What Are the City's Expectations for AstraZeneca's Profits?


LONDON -- When weighing up a potential investment, we always need to look forward rather than backward.

If you buy a stake in a business, it's the future profits that count -- and the stock market will value your shares based on future expectations.

With that in mind, it can be helpful to review what expert City analysts are expecting a company to earn in the coming years. These expectations can then be compared to the share price to give you a better idea of how the stock market is valuing the business.

Today, I'm looking at the earnings per share forecasts for AstraZeneca , the FTSE 100 pharmaceutical giant. All my figures are courtesy of S&P Capital IQ.

Analysts expect AstraZeneca's profits to be 3.34 pounds per share this year. This estimate means that, compared to today's share price of 3,296 pence, the market is valuing AstraZeneca's shares on a forward price-to-earnings multiple of 9.8.

Looking ahead, the consensus then calls for a further decline in AstraZeneca's earnings to 3.19 pounds per share for 2014, before slipping to 3.15 pounds in 2015. The data also indicates that AstraZeneca's revenues might shrink by almost 7% a year over the same time period, from $30 billion to around $24.7 billion.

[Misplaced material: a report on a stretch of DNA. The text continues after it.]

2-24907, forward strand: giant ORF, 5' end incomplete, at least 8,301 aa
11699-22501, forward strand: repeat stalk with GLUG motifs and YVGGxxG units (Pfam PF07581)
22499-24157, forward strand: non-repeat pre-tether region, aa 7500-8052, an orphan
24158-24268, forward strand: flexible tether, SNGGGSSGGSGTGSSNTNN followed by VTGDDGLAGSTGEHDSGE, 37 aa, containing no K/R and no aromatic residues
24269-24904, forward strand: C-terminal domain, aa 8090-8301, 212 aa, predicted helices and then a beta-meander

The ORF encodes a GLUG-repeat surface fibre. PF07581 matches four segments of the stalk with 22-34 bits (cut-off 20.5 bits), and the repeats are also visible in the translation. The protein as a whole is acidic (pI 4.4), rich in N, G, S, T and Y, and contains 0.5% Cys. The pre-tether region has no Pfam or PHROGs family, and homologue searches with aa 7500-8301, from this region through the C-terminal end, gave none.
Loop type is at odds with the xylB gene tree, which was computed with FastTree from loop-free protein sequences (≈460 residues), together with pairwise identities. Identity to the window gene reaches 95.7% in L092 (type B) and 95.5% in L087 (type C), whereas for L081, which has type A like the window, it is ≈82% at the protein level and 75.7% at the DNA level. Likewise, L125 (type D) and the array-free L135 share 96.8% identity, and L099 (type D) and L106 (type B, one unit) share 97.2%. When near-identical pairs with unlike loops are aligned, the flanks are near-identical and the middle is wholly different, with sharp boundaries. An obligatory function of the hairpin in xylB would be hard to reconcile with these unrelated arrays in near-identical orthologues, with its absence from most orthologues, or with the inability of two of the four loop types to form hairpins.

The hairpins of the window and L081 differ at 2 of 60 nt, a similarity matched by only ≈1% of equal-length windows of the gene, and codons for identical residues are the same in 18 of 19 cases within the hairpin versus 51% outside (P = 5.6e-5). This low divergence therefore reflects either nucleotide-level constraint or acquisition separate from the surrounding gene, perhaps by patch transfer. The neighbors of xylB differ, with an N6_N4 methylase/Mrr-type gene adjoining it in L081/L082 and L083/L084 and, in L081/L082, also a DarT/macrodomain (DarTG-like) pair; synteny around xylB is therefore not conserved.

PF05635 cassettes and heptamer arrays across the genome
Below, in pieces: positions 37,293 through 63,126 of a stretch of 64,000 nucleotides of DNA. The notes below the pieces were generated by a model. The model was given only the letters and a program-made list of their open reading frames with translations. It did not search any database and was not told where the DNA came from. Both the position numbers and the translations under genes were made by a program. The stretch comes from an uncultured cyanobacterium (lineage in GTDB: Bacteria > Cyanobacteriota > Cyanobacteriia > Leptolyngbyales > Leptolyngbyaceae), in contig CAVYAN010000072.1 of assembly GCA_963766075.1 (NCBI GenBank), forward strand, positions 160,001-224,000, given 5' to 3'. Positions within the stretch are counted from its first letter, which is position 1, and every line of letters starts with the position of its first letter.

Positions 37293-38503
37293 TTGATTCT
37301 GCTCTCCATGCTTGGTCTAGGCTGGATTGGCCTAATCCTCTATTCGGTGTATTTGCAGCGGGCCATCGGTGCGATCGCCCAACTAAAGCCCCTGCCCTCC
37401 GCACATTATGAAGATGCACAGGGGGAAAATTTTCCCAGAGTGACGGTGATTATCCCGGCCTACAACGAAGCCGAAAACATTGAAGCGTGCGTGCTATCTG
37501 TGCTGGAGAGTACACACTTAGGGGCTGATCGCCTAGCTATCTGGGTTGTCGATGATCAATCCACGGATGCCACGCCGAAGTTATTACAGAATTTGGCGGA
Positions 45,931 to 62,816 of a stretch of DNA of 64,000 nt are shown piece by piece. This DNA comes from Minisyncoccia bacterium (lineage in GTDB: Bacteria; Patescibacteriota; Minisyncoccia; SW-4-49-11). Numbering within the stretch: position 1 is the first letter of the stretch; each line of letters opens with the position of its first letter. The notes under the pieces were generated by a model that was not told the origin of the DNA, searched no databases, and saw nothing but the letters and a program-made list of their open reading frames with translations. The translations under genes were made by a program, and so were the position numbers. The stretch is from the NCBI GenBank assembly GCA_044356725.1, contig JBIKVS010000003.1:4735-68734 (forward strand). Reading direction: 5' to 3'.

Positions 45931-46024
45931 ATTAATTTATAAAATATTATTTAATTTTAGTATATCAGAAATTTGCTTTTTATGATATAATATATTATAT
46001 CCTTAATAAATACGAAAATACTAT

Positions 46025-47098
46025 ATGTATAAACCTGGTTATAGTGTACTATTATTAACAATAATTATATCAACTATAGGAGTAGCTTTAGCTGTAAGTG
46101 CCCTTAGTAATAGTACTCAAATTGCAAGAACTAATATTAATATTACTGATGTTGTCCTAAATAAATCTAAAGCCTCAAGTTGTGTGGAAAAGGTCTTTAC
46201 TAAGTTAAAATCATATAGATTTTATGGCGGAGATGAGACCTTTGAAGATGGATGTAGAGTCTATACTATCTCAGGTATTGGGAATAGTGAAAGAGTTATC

These damp expectations explain why AstraZeneca's shares appear to trade on such a lowly valuation. But with a new management team in place, could the company find a way to revive its pipeline of new treatments, or is AstraZeneca cheap for a reason?

Of course, whether these questions, the City's profit projections, and the current valuation make the shares of AstraZeneca a buy, hold, or sell is for you to decide.

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The article What Are the City's Expectations for AstraZeneca's Profits? originally appeared on Fool.com.

Mark Rogers has no position in any stocks mentioned. The Motley Fool has no position in any of the stocks mentioned. Try any of our Foolish newsletter services free for 30 days. We Fools may not all hold the same opinions, but we all believe that considering a diverse range of insights makes us better investors. The Motley Fool has a disclosure policy.

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Originally published